Perhaps this should be mentioned whenever Enpass surfaces as an option...
Sorry, it doesn't count as open source if everyone needs your permission to run it.
How are they violating your privacy?
Enpass is good, but it's proprietary too.
Brave bundles their extensions, and have gone months between updates in the past. Be aware of that if you use it, as it's a potential security issue with a password manager.
> I wonder what the browser support on Android is like.
Android support is excellent. The only nagging issue I had was that the "URL" for an app is usually something like "com.github", while the URL stored in the login is "github.com". Bitwarden is good about partial matches, so it's rare that I had to search for the login I wanted.
> LastPass seems to work only on Chrome on Android, but I like to use Firefox, Opera, and Samsung's optimized browser.
I moved off Android a few months ago, but I was using Brave and Bitwarden integrated seamlessly. It ties in to the "accessibility" framework I think, and offers an option in the system dropdown menu when a login is detected.
It is also possible to define how a URL is matched which is a nice feature too.
Honestly it feels like a dead project, It's not but it's lacking in resources and the devs are lacking in time from what I've been able to gather from the issue tracker.
I do sometimes worry I'm one nextcloud update away from losing access to my passwords as a recent one did mess with the interface a bit, it's still functional but some ui elements are mis-aligned.
I've been considering switching to bitwarden for a while, It's interface is much nicer, and more polished.
I've mostly been waiting for one of the alternative API implementations to mature a bit, because I don't want to have to run a big honking MS-SQL container on my little VPS.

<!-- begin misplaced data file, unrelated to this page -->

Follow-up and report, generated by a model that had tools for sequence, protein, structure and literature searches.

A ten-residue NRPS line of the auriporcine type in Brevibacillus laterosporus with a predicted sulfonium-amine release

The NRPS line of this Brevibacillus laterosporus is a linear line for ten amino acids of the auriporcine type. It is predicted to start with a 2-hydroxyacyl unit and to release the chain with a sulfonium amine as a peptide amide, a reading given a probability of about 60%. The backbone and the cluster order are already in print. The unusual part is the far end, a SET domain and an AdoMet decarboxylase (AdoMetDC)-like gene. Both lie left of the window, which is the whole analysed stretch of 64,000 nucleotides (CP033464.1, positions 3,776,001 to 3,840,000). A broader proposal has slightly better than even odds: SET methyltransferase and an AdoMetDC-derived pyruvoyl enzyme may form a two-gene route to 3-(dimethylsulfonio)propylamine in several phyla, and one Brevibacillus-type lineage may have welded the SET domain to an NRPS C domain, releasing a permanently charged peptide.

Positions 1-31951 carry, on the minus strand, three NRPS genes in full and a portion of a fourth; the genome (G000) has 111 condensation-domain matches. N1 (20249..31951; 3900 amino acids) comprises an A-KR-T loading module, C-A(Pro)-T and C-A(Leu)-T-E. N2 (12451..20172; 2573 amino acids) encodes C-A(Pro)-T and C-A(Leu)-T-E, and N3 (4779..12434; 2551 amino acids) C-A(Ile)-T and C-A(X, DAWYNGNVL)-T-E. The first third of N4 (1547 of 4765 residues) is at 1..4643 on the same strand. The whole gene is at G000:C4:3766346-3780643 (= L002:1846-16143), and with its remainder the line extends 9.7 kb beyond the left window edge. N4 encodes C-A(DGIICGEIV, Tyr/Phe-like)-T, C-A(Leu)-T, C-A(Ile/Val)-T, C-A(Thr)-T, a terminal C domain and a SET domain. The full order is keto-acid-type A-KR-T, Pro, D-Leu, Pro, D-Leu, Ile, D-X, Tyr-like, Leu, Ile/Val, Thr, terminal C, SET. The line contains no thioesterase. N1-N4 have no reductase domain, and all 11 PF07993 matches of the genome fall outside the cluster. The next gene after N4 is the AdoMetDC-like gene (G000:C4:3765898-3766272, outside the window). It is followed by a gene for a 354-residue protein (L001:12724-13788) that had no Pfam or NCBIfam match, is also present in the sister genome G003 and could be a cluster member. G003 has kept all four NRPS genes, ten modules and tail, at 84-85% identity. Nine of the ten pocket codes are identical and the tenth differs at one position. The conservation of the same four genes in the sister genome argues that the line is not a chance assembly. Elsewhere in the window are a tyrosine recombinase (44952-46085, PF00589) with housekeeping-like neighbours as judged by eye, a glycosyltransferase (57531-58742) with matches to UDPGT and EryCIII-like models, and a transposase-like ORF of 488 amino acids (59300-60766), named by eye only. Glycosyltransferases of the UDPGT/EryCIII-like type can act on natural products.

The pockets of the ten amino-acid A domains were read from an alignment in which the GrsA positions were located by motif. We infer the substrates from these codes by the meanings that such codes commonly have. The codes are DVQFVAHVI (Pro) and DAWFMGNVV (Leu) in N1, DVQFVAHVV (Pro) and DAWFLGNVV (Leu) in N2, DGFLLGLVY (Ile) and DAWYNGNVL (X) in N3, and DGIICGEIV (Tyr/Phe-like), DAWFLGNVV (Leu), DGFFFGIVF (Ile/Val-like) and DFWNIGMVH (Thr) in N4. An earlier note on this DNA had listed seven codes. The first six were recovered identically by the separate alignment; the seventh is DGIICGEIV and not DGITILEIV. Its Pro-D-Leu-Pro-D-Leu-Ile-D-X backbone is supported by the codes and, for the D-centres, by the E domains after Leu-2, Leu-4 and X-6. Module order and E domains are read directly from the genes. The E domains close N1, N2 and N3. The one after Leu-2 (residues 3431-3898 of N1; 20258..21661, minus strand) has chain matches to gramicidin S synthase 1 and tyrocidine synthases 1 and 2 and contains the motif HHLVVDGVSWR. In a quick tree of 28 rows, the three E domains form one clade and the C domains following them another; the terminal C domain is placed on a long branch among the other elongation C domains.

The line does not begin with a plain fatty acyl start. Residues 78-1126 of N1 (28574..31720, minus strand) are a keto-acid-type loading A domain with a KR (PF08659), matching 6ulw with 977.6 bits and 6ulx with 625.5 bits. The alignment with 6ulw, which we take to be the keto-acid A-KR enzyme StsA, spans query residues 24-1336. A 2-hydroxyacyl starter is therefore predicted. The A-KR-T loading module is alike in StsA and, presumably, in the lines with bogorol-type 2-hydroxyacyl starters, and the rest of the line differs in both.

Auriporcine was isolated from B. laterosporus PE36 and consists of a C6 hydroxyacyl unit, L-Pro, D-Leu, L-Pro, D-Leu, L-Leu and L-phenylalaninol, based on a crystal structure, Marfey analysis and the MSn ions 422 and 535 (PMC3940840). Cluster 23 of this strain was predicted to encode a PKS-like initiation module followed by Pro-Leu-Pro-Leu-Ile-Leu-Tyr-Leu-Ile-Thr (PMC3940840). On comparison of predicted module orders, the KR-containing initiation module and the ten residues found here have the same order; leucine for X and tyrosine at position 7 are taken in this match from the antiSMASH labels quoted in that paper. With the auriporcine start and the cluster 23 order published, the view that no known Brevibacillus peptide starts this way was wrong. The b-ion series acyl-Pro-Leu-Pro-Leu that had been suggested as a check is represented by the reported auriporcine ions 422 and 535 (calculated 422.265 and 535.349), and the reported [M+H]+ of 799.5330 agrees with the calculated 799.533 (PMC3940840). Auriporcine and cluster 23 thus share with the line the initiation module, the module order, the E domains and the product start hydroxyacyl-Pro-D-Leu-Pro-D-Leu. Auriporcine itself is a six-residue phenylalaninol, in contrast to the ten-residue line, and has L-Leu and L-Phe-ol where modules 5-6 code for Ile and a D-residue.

I'm also going to have to write my own importer, or mangle the data a bit because the cvs format for passman isn't compatible with any of the import formats for bitwarden.
Or maybe I'll just give up and migrate to pass or gopass(https://www.gopass.pw/) worth looking at if you like pass). I think I want too much from my password manager =/
Also, OSS does not mean secure. Without audits from security experts, I can’t trust it.
Bitwarden is objectivity less secure than 1Password or Keepass actually, at the very least because it doesn’t have a desktop application.
From the linked page (https://bitwarden.com/)
If you are hosting it on your private server does it change your outlook on its security?
I do not have the inclination or resources to secure and keep my server up to date, unless we are talking about a periodic "apt upgrade" that I could configure to run automatically, but no more than that. And at the very least I know how to reasonably secure a Linux server, at least initially.
If running your own server gives you peace of mind in terms of security, then read more about how security works and the threat model you'll face. Just to give an obvious example ... running your own Wordpress is one of the worst thing you can do on your own server, putting your whole server at risk, not just your website.
My personal experience says this is 100% true.
Even when I've managed to stay on top of WP updates my server is invariably targeted more often by automated attacks more often than others that are hosting static sites and other frameworks. I strongly suspect that attackers maintain lists of server addresses that host WordPress sites and use that to make assumptions about their running services. If they know that it's a "self-hosted" webserver, even if they can't break WordPress there's a very good chance that some other unmatched vulnerability exists.
I don't know about this argument. On the one hand you can configure something as secure as you like/can, on the other hand you have to trust other people to do their best. If you don't trust them with your passwords, you would also not trust them to do their best.
If you host yourself a paranoid me would host their instance accessible only inside a stable VPN xor by tunneling a port via SSH.
OSS can often mean less secure. Unless you have the capabilities to fully audit the software you shouldn't fully trust OSS... unless it has an external audit.